The Illinois legislature recently amended the Illinois Condominium Property Act with several changes designed to protect unit owners. Some of these changes are quite significant and will go into effect beginning on January 1, 2018. These changes include:
Minimum Price of Forced Sales
In recent years, Chicago has seen a trend of real estate investors buying out condominium buildings and “de-converting” them into apartment buildings pursuant to Section 15 of the Act. This Section of the Act is a mechanism for a super-majority of the unit owners to vote in favor of the forced sale of the building. One of the limitations of the prior law was that a unit owner could possibly be forced to sell even if his/her percentage share of the sale proceeds was insufficient to pay off that unit’s existing mortgage debt. Now, pursuant to the revised Section 15(a), an objecting unit owner is entitled to the greater of the appraised value of his/her unit or the outstanding value of the mortgage. Under the new law, an objecting owner is additionally entitled to reasonable relocations costs.
Proper Purpose of Demand for Books and Records
Under Section 19(a) of the Act, there are 9 categories of documents that unit owners are entitled to see from the board of directors. Most importantly, in order to see association contracts and “books and records” of the association, a unit owner would have to first state a “proper purpose” for such request. Often times, associations would deny requests on this technicality or argue over whether or not the purpose stated was truly “proper.” Now, such arguments will not take place as the legislature has removed the requirement to state a proper purpose for the production of contracts and “books and records.” In addition, the amendment further requires the board to respond to any request for documents in 10 business days, rather than 30 days.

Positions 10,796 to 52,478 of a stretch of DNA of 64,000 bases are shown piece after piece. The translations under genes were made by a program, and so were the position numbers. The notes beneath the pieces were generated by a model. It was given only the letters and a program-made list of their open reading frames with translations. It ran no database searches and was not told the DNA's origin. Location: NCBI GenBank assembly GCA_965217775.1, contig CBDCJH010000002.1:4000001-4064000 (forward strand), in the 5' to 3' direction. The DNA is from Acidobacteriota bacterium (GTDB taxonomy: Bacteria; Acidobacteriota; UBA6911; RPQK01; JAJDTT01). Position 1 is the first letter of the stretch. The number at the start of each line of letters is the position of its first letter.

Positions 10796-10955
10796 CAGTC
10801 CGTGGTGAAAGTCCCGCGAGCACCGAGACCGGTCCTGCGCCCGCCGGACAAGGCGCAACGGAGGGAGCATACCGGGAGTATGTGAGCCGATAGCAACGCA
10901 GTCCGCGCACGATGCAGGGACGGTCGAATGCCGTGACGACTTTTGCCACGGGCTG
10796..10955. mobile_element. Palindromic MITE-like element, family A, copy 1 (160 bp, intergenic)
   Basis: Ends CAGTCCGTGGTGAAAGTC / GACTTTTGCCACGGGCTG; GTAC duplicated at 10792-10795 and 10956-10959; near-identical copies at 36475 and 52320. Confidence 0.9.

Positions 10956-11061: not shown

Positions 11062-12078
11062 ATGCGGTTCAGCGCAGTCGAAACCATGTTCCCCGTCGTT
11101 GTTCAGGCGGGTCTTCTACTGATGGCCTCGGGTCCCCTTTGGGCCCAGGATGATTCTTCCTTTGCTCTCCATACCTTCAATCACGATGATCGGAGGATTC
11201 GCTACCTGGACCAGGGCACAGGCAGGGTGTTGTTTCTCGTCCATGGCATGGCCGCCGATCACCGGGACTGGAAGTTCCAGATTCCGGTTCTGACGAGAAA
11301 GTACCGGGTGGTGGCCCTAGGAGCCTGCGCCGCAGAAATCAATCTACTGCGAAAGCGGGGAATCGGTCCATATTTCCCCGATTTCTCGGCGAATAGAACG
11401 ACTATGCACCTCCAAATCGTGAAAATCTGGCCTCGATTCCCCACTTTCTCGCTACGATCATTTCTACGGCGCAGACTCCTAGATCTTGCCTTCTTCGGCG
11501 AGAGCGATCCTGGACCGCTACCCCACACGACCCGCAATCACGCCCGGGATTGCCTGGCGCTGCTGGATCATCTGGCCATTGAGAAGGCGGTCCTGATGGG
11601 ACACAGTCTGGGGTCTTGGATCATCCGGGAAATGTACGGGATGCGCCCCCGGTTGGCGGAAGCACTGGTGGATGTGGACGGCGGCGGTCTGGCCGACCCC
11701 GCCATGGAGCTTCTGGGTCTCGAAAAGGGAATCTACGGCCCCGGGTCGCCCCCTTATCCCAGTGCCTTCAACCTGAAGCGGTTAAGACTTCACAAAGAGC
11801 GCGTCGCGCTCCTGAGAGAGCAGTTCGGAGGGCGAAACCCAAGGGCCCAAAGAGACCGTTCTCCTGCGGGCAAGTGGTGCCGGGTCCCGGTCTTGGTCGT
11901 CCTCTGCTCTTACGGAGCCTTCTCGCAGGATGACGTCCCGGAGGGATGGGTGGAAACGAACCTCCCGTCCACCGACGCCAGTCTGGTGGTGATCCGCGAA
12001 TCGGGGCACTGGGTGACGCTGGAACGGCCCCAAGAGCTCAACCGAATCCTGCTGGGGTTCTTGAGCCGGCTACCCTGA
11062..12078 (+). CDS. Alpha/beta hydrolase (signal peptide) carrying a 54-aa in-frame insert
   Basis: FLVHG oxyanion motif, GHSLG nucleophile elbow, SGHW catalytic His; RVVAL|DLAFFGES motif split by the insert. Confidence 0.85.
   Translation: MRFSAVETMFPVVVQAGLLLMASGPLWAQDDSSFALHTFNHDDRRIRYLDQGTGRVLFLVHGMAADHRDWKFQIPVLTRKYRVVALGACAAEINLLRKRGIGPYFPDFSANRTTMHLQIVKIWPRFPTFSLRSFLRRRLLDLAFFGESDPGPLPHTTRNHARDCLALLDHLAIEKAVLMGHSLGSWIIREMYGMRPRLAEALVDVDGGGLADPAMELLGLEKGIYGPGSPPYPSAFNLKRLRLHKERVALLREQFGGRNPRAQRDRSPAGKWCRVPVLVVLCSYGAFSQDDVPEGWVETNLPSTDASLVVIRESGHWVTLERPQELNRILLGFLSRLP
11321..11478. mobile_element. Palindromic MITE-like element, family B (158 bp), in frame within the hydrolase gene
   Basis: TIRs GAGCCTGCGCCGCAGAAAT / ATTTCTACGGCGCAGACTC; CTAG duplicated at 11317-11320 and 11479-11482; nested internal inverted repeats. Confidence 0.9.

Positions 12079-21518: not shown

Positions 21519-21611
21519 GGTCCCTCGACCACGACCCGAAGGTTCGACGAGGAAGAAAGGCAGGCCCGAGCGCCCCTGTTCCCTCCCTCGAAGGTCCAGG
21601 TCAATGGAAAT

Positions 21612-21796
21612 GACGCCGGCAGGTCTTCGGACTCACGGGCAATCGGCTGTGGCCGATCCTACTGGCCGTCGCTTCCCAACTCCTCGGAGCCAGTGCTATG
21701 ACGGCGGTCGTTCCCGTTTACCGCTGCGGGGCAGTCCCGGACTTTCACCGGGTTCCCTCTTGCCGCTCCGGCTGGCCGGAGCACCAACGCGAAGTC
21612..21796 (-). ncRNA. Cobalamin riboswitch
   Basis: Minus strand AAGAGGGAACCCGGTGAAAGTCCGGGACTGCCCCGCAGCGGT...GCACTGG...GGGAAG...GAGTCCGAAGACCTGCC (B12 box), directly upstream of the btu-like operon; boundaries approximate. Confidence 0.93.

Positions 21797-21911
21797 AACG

Increased Time for Unit Owners to Petition the Board
Illinois law provides condominium boards with significant authority and discretion to make decisions on behalf the association such as budgeting, levying special assessments, etc. However there are several sections in the Act that provide a right for owners to petition the board to bring the decision to a vote of the ownership. The legislature has given unit owners approximately 7-14 additional days to exercise certain petition rights to board actions under Sections 18(a)(8)(i), 18(a)(16) and 18(b)(9)(C). This additional time will give unit owners more opportunity to review the board’s actions and consult with an attorney to determine their rights.
Distribution of Surplus Funds
Under the prior law, associations were supposed to distribute any unaccounted surpluses back to the unit owners at the end of the fiscal year, unless their governing documents provided otherwise. An amendment to Section 9(c)(5) of the Act changes these default rules for associations whose governing documents are silent on the issue. Associations now have the option to either move this surplus to the reserve account or distribute back to the unit owners. Unit owners have a new right to challenge such action within 30 days after notice by a petition of 20% of the ownership.
The above is not an exclusive list or summary of the recent changes to the Illinois Condominium Property Act. For further questions, please contact Rudolph Kaplan LLC.